The movement of landless workers in Brazil is unique in resisting co-option by the Lula government and has retained an impressive self-reliance and independent politics. For Sue Branford it is a beacon for the left worldwide. Here she explains why
The threat of the good example
6 January 2009
Bolivia's experiment with economic and political democracy needs our
solidarity and also contains much from which we can learn. Samuel Grove and Pablo Navarrete report
Manu Chao, the neighbourhood singer
15 August 2008
Manu Chao could be the most famous singer that many English speakers have never heard of. Yet he is to the alter-globalisation movement what Bob Dylan was to peace and civil rights in the 1960s. Oscar Reyes caught up with him by a campfire at Glastonbury, where he created a little 'neighbourhood of hope'
No workers’ paradise
11 July 2008
Cuba's not my idea of socialism, says Dave Osler in his retort to Diana Raby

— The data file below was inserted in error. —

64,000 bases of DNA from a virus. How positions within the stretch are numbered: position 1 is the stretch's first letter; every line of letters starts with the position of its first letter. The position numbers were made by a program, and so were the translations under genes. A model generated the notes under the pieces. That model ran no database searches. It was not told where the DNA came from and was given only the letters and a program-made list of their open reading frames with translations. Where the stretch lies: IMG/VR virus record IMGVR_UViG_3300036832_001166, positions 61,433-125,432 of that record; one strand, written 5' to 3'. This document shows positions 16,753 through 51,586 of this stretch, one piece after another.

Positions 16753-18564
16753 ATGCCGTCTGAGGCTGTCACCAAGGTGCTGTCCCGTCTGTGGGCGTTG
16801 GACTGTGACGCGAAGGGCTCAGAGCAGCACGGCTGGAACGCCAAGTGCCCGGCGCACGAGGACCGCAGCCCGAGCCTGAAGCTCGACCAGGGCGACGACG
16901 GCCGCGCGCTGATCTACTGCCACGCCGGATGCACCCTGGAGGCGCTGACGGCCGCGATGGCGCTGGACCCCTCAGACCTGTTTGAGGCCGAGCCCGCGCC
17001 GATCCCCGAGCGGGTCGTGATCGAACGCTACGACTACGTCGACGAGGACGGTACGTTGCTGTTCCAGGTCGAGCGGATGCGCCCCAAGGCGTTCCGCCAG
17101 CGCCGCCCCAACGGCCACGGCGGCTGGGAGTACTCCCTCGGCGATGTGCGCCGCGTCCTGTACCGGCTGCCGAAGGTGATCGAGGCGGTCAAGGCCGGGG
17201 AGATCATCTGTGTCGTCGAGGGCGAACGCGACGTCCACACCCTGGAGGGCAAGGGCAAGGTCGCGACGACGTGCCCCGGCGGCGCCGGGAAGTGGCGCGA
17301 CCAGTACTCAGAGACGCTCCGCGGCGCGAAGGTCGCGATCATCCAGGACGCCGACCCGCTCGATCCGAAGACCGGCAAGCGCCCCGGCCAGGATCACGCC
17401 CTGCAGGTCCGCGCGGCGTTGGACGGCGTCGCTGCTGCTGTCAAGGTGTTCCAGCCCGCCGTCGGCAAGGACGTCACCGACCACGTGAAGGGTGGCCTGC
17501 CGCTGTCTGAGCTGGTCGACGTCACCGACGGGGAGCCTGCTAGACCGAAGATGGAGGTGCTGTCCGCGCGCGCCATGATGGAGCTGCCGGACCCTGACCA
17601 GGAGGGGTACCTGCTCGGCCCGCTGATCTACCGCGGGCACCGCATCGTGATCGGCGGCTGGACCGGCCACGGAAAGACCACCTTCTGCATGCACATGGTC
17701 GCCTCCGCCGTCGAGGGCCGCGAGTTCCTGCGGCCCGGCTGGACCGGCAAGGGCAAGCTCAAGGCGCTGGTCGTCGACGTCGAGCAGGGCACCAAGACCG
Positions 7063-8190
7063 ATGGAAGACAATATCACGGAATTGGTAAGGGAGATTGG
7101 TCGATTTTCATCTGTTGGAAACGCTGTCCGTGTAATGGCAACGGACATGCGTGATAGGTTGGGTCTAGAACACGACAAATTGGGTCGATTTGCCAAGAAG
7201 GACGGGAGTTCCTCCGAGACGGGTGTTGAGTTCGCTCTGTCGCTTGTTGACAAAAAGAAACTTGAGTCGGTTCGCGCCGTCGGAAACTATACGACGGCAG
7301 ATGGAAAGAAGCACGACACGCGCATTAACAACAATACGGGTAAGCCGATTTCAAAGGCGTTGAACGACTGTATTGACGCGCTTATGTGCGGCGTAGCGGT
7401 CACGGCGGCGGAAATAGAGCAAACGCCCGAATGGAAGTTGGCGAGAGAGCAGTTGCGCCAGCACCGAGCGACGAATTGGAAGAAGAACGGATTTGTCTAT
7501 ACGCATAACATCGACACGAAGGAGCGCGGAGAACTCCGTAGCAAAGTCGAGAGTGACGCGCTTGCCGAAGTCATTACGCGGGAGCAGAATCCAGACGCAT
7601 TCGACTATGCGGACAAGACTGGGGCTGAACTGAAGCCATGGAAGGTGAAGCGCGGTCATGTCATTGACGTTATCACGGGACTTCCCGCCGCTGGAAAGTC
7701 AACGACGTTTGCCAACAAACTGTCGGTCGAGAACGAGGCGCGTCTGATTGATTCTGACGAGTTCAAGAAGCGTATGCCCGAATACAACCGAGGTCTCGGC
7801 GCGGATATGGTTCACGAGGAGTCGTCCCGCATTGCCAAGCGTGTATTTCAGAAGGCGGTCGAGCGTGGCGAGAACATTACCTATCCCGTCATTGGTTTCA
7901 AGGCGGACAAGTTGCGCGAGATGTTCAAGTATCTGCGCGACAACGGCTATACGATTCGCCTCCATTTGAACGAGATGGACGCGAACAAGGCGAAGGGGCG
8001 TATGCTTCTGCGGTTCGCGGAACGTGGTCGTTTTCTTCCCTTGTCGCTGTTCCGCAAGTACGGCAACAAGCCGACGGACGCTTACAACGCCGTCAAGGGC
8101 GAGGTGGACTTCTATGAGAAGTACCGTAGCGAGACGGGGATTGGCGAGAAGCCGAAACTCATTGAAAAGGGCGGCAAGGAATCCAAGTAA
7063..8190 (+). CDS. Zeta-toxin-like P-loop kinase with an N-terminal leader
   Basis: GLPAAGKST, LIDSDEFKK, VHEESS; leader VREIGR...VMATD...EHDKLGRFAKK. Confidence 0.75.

Blood on Britain’s hands
20 June 2008
NUJ general secretary Jeremy Dear says the British government must reverse its support for the Uribe government and work with other European powers to help find a peaceful and just solution to Colombia's civil war
Why Cuba is still important
14 May 2008
Diana Raby argues that those who deny the legitimacy of the Cuban system will never understand why, after 50 years, the revolution is still an ongoing reality
Colombia’s war in the Andes
23 April 2008
Colombia's long-running civil war spilled over the border to Ecuador in a raid against FARC guerrillas in March. Gerard Coffey reports on the aftermath
Por ahora no pudimos
30 January 2008
The defeat of President Hugo Chávez's constitutional reform proposals in December's referendum has triggered a wide debate on the Venezuelan left about the next steps in the country's Bolivarian revolution. Here, two articles by critical chavistas are introduced by Red Pepper's Latin America editor
Why did abstention win?
30 January 2008